List reviews, interviews, journals and media articles in which your work has been featured, including print and online. 

Sebag-Montefiore, Clarissa. “From Manus Island to sanctions on Iran: the art and opinions of Hoda Afshar”. The Guardian, 13 November 2018, https://www.theguardian.com/ artanddesign/2018/nov/13/from-manus-island-to-sanctions-on- iran-the-art-and-opinions-of-hoda-afshar. 

Publications 

List details of your monographs or publications that have featured your work. Cite your sources consistently, using a recognized citation guide. 

2019 Buchakjian, Gregory: “Personal Spaces, Public Places”, On Photography in Lebanon, KAPH 2018, p. 223-242 

I think that this CV can develop in this year as I am out there presenting my work and growing my CV. 

BIO

An artist biography is a summary of the significant events of your life that lead up to your art career. Unlike an artist statement, an artist bio can be written in the third person. It will include when and where you were born and where you are now based.

An artist bio can talk about how you first became interested in art and where you studied. It can discuss your education, degrees, formal art training, or apprenticeship programs you participated in. Essentially, an artist bio connects the impact your life history has on your artwork and talks about your concepts, philosophies, inspirations, and influences. (Artdex, 2021).

Your artist biography, on the other hand, can be used on your website or your profile on a gallery site. It may also be used in articles, interviews, or exhibition catalogs.

I have produced a CV for my linked in profile mainly as a way of recruiting participants to show my research experience. Maybe I should start with my CV.

Draft No 1

I was born in…

No – that does not work

Draft No 2 

Dr Morris Gallagher is a doctor who has always been interested in innovation and ideas. For most of his career that has been as an award-winning family doctor working in addictions and research in the northeast of England. More recently that passion has been expressed in creating photographs and artworks that say something about health and social care and his experiences of working within an institution. Most of his work is personal, diaristic and documentary but sometimes he incorporate conceptual approaches that are the best vehicle for sharing his messages.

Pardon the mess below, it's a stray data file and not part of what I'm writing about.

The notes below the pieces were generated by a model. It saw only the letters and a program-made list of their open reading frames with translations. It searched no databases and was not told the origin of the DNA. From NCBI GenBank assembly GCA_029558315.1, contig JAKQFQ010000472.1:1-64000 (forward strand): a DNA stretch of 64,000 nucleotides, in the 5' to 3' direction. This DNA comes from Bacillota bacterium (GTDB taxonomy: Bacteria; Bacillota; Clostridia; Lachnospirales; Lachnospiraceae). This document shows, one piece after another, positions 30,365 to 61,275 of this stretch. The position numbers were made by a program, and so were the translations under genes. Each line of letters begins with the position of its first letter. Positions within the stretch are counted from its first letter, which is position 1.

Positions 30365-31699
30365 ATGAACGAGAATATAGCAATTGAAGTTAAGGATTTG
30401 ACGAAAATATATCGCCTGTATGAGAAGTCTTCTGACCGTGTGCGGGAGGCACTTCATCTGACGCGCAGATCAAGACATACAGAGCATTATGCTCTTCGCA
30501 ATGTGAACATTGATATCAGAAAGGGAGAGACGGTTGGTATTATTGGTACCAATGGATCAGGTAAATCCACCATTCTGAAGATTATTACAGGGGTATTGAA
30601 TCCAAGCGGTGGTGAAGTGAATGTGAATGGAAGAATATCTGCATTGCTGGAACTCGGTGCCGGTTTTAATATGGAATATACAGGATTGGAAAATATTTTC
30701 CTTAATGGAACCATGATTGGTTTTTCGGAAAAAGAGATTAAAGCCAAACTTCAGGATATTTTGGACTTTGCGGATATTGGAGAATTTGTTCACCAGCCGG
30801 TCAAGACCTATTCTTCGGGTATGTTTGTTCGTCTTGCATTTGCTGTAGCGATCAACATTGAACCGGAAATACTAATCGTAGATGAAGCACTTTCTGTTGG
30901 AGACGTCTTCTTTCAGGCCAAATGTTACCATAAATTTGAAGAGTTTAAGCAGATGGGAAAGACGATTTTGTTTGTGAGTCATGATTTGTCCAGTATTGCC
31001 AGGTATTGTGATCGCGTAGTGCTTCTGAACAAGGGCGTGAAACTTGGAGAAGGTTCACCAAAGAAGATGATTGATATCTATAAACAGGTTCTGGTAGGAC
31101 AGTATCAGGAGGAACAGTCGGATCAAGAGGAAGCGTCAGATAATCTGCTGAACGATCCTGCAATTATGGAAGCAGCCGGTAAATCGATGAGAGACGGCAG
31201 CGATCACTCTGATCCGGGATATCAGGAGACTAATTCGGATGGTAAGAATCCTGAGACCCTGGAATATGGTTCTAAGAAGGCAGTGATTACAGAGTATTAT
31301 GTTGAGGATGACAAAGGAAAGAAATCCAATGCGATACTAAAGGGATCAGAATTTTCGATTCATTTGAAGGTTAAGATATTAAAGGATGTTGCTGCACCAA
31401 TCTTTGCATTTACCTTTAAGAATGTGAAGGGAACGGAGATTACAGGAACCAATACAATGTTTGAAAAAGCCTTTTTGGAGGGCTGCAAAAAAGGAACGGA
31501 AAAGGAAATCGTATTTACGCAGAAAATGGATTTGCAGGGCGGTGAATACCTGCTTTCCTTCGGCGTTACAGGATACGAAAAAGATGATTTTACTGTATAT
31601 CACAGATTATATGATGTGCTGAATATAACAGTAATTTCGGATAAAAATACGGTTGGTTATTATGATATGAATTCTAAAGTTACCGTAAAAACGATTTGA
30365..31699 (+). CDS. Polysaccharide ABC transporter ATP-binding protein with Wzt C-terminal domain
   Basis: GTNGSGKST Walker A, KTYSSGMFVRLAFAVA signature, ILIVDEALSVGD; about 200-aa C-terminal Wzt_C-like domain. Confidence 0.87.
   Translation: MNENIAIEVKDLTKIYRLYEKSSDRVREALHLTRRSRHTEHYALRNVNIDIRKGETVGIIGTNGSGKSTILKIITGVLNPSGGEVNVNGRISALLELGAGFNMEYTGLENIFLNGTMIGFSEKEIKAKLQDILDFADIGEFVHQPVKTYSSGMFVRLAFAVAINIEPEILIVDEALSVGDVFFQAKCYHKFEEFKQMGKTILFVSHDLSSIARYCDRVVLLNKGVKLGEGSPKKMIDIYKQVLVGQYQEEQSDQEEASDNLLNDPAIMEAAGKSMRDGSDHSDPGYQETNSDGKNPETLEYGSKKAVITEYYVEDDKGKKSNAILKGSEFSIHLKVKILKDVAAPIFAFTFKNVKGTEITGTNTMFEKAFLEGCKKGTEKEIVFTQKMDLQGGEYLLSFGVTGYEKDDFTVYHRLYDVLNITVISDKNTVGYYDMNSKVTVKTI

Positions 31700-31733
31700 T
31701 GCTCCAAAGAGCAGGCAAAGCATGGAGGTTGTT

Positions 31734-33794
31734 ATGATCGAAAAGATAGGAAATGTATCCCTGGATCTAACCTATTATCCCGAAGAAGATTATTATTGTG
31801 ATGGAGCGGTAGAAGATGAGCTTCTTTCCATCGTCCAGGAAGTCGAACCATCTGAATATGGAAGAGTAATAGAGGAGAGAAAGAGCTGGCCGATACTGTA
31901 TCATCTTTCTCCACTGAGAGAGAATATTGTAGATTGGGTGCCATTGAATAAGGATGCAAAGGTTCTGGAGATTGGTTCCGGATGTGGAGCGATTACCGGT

I think that I will leave this as it is the initial proposal that will be most important then the part about what I about. 

References

Lens Culture (2021) Photographers’ Guide to Working with Galleries. At: https://www.lensculture.com/photography-free-guides. LensCulture_Gallery_Guide_2021-2.pdf (Accessed 04/01/2022).

Price, S. and Harbisher, B. (2022) Power, Media and the Covid-19 Pandemic: Framing Public Discourse (Edited book). Oxon: Routledge. At: https://books.google.co.uk/books?id=OzZPEAAAQBAJ&pg=PT123&lpg=PT123&dq=follow+the+science+quote+pandemic+reference&source=bl&ots=g6HT-lti7u&sig=ACfU3U3u7_F7jESAK3o2yHkORYXQ8xWfrg&hl=en&sa=X&ved=2ahUKEwim_Yy7pp31AhXDQUEAHQXWD6wQ6AF6BAgoEAM#v=onepage&q=follow%20the%20science%20quote%20pandemic%20reference&f=false (Accessed  06/01/2022).

Williams, G. (2014) How to write about contempory art. London: Thames and Hudson.

Artdex (2021) The Complete Guide to Writing an Artist Statement in 2021. At: https://www.artdex.com/the-complete-guide-to-writing-an-artist-statement-in-2021/ (Accessed  06/01/2021).

Relative Poverty. http://www.relativepoverty.org (2017) Directed by Monaghan, L. (s.n.). (Accessed 06/01/2022).

Health Education England (2016) Nothing general about General Practice: Two images by Dr Morris Gallagher, ‘The GP’ and ’The distressed GP (2015). At: http://www.hee.nhs.uk/gpphotobook (Accessed 07/07/2016).